Manage episode 345690795 series 1952577
Kate Lund, author of Bounce, joins us to explain how teens can face obstacles and practice resilience when life gets tough. We also discuss the importance of stress management, goal setting and trying new things.
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Full show notes
Your teen might have the perfect life plan–become class president, get a basketball scholarship, and go to the medical school of their dreams. But no matter how put-together your teen is, they’re likely to encounter plenty of obstacles on the road to success. They might not make the school basketball team at all, or maybe they’ll receive a rejection letter from the college they swore they’d go to
If teens let these challenges bring them down, they might not reach the future they’ve envisioned. But if they’re resilient enough to push past hardships, they may find that all of their dreams are entirely possible!
Building resilience is no easy task, however. That’s why we’re talking to Kate Lund, author of Bounce: Help Your Child Build Resilience and Thrive In School, Sports and Life. Kate is a psychologist and life coach with over 15 years of experience helping people of all ages overcome hardship.
In our interview, Kate and I are discussing how teens can gain resilience from learning to manage their emotions. We're also talking about how teens can stay motivated, and why teens need confidence and courage if they want to strive for greatness.
Modeling Emotional Management
There’s no shortage of frustrating situations in life, especially for teens who are still figuring it all out. When things go wrong, teens tend to get stressed–and how they deal with this stress makes all the difference, Kate says.
In order to find resilience, teens have to master stress management, she explains. When teens manage their stress properly by exercising, painting, or spending time with friends, they’re able to remain even-keeled and calm most of the time, explains Kate. But when they let their stress run free, any triggering situation can put them over the top and cause them to melt down. By scheduling time to regularly de-stress, teens can stay grounded when challenges arise.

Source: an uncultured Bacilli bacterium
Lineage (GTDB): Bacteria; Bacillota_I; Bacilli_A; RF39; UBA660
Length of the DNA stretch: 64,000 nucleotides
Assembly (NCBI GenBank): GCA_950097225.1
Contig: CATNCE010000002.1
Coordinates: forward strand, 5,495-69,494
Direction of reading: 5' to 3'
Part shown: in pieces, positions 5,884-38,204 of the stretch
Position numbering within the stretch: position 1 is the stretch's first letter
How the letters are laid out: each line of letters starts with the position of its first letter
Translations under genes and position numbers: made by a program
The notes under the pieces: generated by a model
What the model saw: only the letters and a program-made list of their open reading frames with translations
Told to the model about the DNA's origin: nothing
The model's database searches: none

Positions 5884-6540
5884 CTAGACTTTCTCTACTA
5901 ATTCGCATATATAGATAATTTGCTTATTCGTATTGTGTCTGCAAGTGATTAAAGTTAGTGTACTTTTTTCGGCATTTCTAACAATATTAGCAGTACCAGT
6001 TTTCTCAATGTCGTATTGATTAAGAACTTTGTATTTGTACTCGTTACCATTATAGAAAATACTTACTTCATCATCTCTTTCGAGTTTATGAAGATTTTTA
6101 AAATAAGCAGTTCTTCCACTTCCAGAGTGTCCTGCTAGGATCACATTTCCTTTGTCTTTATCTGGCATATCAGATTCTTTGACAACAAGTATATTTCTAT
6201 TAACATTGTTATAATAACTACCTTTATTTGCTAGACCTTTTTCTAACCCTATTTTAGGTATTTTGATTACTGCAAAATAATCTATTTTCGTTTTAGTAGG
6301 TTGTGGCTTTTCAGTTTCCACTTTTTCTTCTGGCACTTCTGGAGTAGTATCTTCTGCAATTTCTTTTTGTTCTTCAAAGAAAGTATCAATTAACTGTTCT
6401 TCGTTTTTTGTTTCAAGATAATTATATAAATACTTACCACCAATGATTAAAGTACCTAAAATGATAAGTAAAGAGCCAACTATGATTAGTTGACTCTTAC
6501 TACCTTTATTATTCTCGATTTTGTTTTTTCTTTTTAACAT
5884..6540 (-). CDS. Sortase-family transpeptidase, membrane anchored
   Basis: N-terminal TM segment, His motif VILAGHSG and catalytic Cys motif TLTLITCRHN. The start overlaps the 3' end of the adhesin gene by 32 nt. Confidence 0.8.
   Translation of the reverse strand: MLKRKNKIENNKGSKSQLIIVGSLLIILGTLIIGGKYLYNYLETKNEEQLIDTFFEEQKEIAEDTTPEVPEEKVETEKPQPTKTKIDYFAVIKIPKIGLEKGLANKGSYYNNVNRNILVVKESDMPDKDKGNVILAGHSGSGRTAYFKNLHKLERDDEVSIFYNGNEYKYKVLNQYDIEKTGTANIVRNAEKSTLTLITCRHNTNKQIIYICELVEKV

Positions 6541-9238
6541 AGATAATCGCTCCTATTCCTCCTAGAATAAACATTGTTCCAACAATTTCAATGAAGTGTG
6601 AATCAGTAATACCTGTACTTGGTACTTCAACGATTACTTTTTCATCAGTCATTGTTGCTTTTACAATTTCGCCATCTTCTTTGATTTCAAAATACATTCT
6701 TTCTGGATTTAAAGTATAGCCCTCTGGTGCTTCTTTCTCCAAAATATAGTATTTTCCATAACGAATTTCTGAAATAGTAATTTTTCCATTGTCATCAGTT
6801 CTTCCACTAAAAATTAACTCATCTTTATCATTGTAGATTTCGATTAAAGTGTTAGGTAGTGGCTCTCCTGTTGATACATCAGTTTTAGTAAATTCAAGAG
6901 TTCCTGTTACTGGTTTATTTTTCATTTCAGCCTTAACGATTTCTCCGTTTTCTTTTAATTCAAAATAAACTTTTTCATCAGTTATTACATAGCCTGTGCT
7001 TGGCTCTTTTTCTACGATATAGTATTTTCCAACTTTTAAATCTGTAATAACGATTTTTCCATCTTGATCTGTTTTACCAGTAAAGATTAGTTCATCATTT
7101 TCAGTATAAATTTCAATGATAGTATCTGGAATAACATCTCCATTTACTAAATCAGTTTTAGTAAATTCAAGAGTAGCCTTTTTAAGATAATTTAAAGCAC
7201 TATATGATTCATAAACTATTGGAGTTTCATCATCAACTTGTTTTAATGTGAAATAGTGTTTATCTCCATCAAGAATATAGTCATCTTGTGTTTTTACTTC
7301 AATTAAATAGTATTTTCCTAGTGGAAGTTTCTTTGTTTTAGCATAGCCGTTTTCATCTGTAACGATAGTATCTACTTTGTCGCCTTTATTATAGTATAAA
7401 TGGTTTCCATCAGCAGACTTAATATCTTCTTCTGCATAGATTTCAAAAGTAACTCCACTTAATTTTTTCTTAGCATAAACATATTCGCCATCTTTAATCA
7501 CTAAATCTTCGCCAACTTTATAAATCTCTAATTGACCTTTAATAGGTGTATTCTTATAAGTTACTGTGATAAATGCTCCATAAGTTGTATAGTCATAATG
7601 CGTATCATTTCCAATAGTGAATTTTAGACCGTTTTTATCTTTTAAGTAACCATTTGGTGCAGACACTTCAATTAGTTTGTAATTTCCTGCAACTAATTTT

To help teens gain emotional management skills, try modeling them yourself, Kate suggests. When you're dealing with something frustrating or overwhelming, you shouldn’t hide this from teens, she explains. Letting teens see your negative emotions can remind them that stress is totally normal. When kids see parents handling their emotions in healthy ways, they'll be reassured that they’re capable of the same, says Kate.
Another way parents can model healthy emotional habits is by practicing kindness in a visible way. When anger or sadness go unmanaged, these emotions can lead us to become unkind to those in our lives, says Kate. Showing teens that we’re capable of being kind to anyone, no matter their beliefs or opinions, is an incredibly powerful way of modeling emotional management, she says.
If kids are truly striving for resilience, they’ll have to keep their motivation going, no matter what obstacles are in their path. In the episode, we’re talking about how teens can stay motivated through any challenges they might face.
Motivation and Goal Setting